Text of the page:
published in German
in "Klangkunst" Munchen:Prestel/Akademie der Kunst. p. 124-125, 1996
INTERACTIVE ART OF DON RITTER
by Julie Crysler
live performances and interactive installations of Canadian artist Don
Ritter fuse technology and human action to create a "living" and ephemeral
visual art form. Ritter's work allows the audience to become an active
participant in the creative process, liberating the spectator from the
passive manner of observation required by most visual media.
Ritter began his career
in the fine arts as a painter and sculptor. His electronic art work incorporates
his disparate interests in psychology, human interface design, engineering
and his longstanding fascination with technology. In the 1980's, Ritter
began collaborating with musicians and developed his Orpheus software
which allows imagery to be "played" like an instrument. This unique software
provides real-time video imagery in response to music or MIDI data. When
combined with improvised music, Orpheus permits the simultaneous creation
and experience of a work of art.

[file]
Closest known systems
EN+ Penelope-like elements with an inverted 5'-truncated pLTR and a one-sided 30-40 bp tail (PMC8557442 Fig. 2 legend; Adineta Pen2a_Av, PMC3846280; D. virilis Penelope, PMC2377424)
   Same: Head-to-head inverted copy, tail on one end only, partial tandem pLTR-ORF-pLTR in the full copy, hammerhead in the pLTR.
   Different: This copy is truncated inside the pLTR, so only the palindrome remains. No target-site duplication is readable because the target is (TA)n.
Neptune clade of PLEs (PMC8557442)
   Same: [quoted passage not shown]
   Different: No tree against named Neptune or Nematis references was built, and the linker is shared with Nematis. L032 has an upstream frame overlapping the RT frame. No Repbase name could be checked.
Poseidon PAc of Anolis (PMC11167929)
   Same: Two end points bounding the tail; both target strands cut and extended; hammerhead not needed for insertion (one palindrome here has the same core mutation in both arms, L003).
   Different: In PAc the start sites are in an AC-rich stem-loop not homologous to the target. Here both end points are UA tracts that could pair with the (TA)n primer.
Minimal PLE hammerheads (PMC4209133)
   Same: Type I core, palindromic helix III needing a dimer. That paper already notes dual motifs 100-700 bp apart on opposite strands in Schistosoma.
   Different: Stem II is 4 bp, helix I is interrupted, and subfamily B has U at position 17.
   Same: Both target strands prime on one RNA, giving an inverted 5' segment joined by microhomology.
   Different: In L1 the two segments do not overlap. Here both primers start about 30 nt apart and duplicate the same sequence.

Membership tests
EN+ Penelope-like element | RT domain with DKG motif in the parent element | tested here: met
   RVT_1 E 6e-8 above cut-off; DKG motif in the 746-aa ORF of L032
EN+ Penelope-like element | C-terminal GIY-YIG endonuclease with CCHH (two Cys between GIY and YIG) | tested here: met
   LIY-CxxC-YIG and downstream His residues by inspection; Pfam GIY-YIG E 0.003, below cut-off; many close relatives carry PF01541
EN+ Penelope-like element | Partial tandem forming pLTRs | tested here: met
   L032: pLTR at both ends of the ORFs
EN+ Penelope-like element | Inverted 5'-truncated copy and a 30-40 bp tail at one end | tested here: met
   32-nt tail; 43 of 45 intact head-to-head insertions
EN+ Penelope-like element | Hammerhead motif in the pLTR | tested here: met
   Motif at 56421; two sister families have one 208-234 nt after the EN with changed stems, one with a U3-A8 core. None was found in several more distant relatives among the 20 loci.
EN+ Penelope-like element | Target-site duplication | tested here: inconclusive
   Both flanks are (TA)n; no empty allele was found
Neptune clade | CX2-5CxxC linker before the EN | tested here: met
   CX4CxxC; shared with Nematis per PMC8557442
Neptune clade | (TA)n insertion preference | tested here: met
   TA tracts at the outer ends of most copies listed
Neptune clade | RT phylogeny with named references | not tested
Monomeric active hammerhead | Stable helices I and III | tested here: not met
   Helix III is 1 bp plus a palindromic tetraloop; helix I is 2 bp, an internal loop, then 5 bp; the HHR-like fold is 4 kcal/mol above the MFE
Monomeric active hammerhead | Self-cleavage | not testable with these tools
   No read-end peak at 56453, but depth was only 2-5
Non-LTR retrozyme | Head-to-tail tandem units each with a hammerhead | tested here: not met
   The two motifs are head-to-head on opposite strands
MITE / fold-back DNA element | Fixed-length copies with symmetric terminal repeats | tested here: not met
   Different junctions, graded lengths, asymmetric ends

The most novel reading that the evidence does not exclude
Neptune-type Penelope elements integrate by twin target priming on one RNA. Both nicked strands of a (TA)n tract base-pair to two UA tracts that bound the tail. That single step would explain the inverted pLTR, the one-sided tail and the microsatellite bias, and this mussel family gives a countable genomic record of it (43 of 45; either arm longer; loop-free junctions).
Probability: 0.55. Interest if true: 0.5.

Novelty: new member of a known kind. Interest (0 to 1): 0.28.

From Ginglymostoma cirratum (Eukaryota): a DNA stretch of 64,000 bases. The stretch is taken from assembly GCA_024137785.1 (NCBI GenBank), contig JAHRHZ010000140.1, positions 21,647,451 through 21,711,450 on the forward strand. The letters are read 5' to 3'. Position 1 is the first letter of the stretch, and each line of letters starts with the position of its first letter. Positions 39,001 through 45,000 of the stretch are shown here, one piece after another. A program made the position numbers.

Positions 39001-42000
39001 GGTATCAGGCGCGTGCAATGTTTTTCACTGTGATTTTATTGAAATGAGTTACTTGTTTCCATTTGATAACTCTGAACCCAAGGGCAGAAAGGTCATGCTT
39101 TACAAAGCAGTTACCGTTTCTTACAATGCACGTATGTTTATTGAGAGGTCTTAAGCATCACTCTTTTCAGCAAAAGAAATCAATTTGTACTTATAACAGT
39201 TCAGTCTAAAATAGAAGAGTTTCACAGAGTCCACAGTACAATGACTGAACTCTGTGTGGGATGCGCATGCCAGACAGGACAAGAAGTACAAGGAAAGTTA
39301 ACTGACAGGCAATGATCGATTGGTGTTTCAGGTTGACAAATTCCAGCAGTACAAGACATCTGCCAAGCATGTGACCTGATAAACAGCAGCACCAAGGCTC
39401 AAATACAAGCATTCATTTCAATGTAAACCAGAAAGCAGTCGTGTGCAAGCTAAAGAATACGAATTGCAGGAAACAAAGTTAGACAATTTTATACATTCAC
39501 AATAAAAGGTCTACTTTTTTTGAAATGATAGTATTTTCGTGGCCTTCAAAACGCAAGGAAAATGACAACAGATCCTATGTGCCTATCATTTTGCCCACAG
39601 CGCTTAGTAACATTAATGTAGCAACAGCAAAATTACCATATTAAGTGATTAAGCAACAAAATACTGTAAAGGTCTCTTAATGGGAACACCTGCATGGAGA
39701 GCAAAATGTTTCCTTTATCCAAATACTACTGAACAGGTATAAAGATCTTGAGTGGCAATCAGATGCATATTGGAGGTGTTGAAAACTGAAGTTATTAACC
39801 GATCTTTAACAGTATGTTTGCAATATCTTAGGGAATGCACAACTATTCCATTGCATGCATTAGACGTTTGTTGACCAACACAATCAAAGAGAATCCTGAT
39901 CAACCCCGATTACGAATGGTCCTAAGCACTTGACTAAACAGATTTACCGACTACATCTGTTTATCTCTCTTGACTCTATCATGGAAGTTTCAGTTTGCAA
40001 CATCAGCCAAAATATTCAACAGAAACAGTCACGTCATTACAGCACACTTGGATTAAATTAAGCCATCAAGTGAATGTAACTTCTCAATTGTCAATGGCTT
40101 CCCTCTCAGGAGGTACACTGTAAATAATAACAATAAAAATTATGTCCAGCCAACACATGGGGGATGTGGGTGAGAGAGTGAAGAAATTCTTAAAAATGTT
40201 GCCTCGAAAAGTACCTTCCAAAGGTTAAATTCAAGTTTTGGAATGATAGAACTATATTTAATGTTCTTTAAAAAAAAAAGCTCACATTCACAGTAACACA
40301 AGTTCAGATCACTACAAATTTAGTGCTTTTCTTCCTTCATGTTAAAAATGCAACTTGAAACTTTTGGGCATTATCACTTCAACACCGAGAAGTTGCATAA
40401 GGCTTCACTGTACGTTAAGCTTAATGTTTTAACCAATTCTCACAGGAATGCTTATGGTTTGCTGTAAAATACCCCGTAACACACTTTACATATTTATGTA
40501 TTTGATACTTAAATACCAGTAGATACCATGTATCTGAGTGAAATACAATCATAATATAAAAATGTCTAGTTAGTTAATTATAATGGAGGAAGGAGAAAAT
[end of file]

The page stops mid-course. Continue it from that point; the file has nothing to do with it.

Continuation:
Like his live performances,
Ritter's interactive installations allow the instantaneous control of
sound and/or imagery by a person in real time. They are, in their very
essence, collaborative works of art. Installations like his series "Captured
Moments" are dependent on the viewer to determine their performance. In
the installation "Intersection", the sound of cars along four lanes of
traffic reacts to the presence of visitors in the space. Infrared sensors
determine the position of the visitor, and alter the sound of the oncoming
cars accordingly. Similarly, "TV Guides" requires that spectators remain
completely motionless if they wish to watch broadcast television; when
sensors detect even the slightest movement, the television screen fades
to black, the sound fades out and a text message appears, requesting that
the viewers remain still.
In Ritter's installations,
the spectator is enveloped by technology, and becomes as much a part of
the work as the sensors, speakers and video projection equipment. Human
action is melded with technological systems creating an symbiotic and
cybernetic hybrid. By becoming part of the machine the spectator brings
Ritter's art to life.
In a sense, these
installations collapse the concepts of spectacle (Debord) and surveillance
(Foucault). The performance of Ritter's spectacle is dependent on the
actions of the spectator, but also on the surveillance of that same spectator.
The location and motion of each visitor to the space is observed by sensors,
triggering a response in the installation. Ironically, in these works,
it is ultimately through surveillance that the spectator is given power
over the art.